There are several steps to take when you notice someone showing the signs of heat stroke. Once you have called for emergency help, lay the victim on his or her back unless he or she is unconscious. Make sure to remove any objects close by if the victim has a seizure. If the worker is conscious, provide cool water to drink. Also, place ice packs under the armpits and in the groin area to cool them down.
On August 1st, 2006, a 44-year-old Hispanic migrant farm worker died after succumbing to heat stroke while working in a tobacco field on a farm in North Carolina. The victim arrived on the farm from Mexico on July 21st, 2006 and he was assigned to work in the tobacco fields, where he worked for the next week. On August 1st, 2006, it was hot and humid with a heat index (a measure of the combined effects of high temperatures and high humidity on the body) between 100 and 110. He had been working in a tobacco field when around 3 pm, he complained to the crew leader that he wasn’t feeling well. The victim drank some water and was driven back to his housing and left alone to rest. A short time later, he was found unconscious on the steps of the house. Emergency medical service (EMS) personnel were immediately called and responded within five minutes. The victim was taken to the hospital where his core body temperature was recorded at 108 Fahrenheit and was pronounced dead. Heat stroke was listed as the death on the death certificate.
On June 27th, 2003, a 41-year-old male laborer died from heat stroke one day after being taken to the hospital. The laborer was working on an addition to a factory sawing boards to make concrete forms. He worked until 5:00 pm that day and was in the parking lot on his way to his car when he apparently collapsed. A worker on the second shift at the factory was taking scrap material outside to a dumpster when he found the victim on the ground. The company receptionist called EMS and the supervisor went to the parking lot to administer emergency care to the laborer until EMS arrived. When paramedics arrived, they recorded the laborer’s body temperature as 107 Fahrenheit. He was transported to a local hospital where he died the next day with an internal body temperature of 108 Fahrenheit.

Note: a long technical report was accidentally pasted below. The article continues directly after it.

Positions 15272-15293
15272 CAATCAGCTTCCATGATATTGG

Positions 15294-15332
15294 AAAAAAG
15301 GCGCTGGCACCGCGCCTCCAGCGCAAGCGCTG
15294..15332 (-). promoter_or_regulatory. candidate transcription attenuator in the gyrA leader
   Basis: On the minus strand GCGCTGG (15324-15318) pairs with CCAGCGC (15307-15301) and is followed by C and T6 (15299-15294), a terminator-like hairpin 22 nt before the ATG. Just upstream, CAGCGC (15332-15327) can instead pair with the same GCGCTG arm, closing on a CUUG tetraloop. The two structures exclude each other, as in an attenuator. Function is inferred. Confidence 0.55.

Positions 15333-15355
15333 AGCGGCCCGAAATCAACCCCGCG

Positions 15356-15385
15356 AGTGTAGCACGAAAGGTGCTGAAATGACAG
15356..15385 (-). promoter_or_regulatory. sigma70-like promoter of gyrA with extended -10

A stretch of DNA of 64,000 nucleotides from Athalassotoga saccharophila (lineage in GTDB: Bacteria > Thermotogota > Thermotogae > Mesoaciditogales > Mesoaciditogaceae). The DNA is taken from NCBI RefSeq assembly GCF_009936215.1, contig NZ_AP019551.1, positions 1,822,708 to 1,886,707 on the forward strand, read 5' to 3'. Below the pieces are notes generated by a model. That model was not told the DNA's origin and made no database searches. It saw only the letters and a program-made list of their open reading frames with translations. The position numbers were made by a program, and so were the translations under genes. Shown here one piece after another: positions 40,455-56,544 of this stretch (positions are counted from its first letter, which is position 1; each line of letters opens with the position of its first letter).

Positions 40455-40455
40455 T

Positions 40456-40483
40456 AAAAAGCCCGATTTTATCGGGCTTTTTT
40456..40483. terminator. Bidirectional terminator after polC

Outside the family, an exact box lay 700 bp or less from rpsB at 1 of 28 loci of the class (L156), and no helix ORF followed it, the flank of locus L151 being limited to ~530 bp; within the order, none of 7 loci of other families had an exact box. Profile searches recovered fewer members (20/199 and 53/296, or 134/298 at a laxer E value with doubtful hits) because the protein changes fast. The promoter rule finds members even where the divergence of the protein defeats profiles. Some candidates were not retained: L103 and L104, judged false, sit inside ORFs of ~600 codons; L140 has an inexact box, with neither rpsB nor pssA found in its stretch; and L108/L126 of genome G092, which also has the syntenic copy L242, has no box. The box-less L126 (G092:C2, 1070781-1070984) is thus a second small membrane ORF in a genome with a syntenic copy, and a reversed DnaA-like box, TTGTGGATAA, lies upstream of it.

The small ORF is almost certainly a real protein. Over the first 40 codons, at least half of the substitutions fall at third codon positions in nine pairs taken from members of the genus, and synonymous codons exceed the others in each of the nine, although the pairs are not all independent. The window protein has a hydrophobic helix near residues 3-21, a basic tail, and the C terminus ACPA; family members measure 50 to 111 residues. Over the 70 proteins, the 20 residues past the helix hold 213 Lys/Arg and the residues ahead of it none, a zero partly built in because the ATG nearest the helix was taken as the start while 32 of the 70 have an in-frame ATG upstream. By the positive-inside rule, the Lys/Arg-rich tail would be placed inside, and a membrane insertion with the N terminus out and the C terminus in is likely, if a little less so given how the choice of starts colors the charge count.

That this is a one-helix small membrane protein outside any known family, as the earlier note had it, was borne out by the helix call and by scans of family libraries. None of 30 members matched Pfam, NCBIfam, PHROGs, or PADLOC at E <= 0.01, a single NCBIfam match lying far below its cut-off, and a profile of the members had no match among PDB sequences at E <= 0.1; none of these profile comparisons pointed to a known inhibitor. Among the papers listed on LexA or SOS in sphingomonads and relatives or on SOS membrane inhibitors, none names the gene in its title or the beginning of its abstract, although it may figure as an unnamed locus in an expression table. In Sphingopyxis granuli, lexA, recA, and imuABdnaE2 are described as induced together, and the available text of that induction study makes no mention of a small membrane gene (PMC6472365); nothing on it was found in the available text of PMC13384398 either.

To prevent similar incidents from occurring, investigators made the following recommendations:
Remember these three simple words: water, rest, shade! Employers should educate their workers on how taking water breaks often and limiting the time in the hot weather can help prevent heat illnesses. They should also include these prevention steps in worksite training and plans. Employers should also teach employees to gradually build up to heavy work in hot conditions. This helps workers become acclimated to the heat or build a tolerance to the hot temperatures. Finally, during the first week of work, employers should gradually increase workloads and allow more frequent breaks.
Check out this short audio clip by Dan Clark of the theSafetyBrief.com. Heat stroke, heat exhaustion, heat syncope, heat cramps and heat rash are all covered in this podcast. Dan tells you how to guard against them, and how to treat them.
The basic concept behind engineering controls is the work environment and the job itself should be designed to eliminate hazards or reduce exposure to hazards.
Engineering controls can be simple in some cases. They are based on the following principles:
There are several engineering controls that can be used if employees work in a hot environment. The best way to prevent heat illness is to make the work environment cooler. In outdoor situations, this may be done by scheduling activities during the cooler times of the day. However, very early starting times may result in increased fatigue. Also, humidity tends to be higher in the early morning hours. Employers can also provide air conditioned or shaded areas close to work areas and allow frequent rest breaks.
Indoor workplaces may be cooled by using air conditioning or increased ventilation, assuming that cooler air is available from the outside.
Other methods to reduce indoor temperature include:
Work practice and administrative controls are closely related attempts to change behaviors. They are management-dictated work practices and policies to reduce or prevent exposures to temperature factors.
There are several work practice controls an employer can do to try and prevent heat-related health effects. Here are some examples:
Employers need to remind workers to drink small amounts of water before they become thirsty to maintain good hydration. Simply telling them to drink plenty of fluids is not sufficient. During moderate activity, in moderately hot conditions, at least one pint of water per hour is necessary. Workers should drink about six ounces or a medium-sized glass-full every 15 minutes. Instruct workers that urine should be clear or lightly colored.
That’s a lot of important information! In the next module, we will take a look at cold stress safety. For now, it’s time for the first module quiz! Good luck!